« Dan Hamilton predicts victory for Huckabee or Romney in Iowa but cannot predict the outcome of the Democrats' contest | Main | Barack Obama's worldview »


Tony Makara

While I have great respect for John McCain as a person, I feel that his politics are still very much rooted in the 20th century. On the subject of China we need to take and economic stance rather than a military one, China need an export market to support their modernization process, make any trade dependent on a less bellicose China. Russia should be a member of G-8, Russia is a leading player in the world and should not be forced back into isolationism. On the subject of Israel. The United States should support Israel's right to exist but that has to be qualified by treating the Arab states on an equal basis.

On Iran, John McCain is prepared to follow a foolhardy interventionist policy, he has not learnt the lessons of Iraq. On Iraq, the way forward to to break the country up and to withdraw troops. The surge is only a stop-gap measure and cannot be continued indefinitely.

Oberon Houston

The US has prospered historically when it didn't have a pre-emptive interventionist policy. Its when they have gone on the offensive against a poorly defined objective that things have unraveled. The war of 1812, when they struck at Canada whilst Britain was on its knees alone against Napoleon was a mess. Iraq is a mess, and don't even get started on Latin America, this lot should be its friends and supporters. But from Cuba to Venezuela to Grenada, Bolivia, with the exception of Chile things are really not that great. Vietnam goes with out any more explanation. And if you really want to see what happens when you try to force a population to your position, read about the Philippine-American War of 1899-1902, a nightmare.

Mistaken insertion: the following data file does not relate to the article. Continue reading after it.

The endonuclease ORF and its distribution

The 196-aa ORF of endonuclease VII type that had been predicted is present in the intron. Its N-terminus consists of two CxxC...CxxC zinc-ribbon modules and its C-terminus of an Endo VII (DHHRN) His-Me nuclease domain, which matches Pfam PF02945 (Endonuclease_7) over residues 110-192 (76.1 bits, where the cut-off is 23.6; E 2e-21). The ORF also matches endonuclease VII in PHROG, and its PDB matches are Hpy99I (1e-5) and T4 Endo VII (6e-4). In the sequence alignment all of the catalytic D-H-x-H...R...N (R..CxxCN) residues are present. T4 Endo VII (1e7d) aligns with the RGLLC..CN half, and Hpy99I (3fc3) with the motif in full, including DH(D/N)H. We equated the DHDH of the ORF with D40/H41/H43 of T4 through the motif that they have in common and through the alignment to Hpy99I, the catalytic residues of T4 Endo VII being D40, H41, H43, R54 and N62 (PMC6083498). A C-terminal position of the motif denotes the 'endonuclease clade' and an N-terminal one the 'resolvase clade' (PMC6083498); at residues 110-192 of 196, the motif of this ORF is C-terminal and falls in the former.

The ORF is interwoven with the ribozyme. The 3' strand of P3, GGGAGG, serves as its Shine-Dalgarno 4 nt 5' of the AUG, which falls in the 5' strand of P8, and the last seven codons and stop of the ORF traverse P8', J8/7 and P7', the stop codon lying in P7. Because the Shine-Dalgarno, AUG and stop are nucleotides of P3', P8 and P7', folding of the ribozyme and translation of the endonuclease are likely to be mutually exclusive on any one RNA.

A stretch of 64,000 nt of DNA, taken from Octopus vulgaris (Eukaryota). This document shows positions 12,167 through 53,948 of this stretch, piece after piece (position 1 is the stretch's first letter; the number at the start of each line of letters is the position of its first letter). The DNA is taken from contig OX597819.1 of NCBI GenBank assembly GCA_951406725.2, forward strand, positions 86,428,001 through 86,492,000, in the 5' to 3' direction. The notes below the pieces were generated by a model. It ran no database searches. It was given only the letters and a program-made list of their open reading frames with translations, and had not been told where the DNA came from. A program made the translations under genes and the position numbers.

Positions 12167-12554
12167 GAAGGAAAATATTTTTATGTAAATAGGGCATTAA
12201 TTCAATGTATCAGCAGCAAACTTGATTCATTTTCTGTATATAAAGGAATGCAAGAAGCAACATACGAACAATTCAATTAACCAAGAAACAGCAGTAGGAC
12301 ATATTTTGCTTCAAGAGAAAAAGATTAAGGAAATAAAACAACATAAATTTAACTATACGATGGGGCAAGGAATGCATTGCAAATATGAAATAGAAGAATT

When the US have triumphed, its been against clear objectives and only when really necessary. Entering the WWI at the correct time, and in WWII the US were attacked by an evil axis and again triumphed whilst refusing, rightly, to engage early in a European conflict. During the cold war the more passive mexican stand-off policy again triumphed. No, if one sides with the policy of learning the lessons of history, then you should be alarmed by McCain's views, because he certainly does not. The above reads like another nightmare in the making.

Umbrella man

I have now read McCain's full essay and am very disappointed that he couldn't mention Britain in any serious way. The nation Bush said was America's greatest ally gets less of a mention than Australia.

Moral minority

The problem for the GOP is that there is no obvious frontrunner. McCain is too old and tainted by his previous Presidential nomination defeats.

Huckabee's gubernatorial record was awful. His tax raising earned him a D rating from the Cato Institute.

Romney is a flip-flopping liberal who is trying to obliterate his "big government" Rockefeller Republican record.

Thompson's campaign never got off the ground due to the disastrous role of his ambitious but mediocre "trophy wife".

Guiliani's marital "adventures" would harm his chances in the bible belt.

Obama would thrash all the GOP candidates. The Republicans must hope that the Dems are stupid enough to pick "Billary".


A "nightmare in the making" LOL. Which current American candidate will allow you to sleep sweet?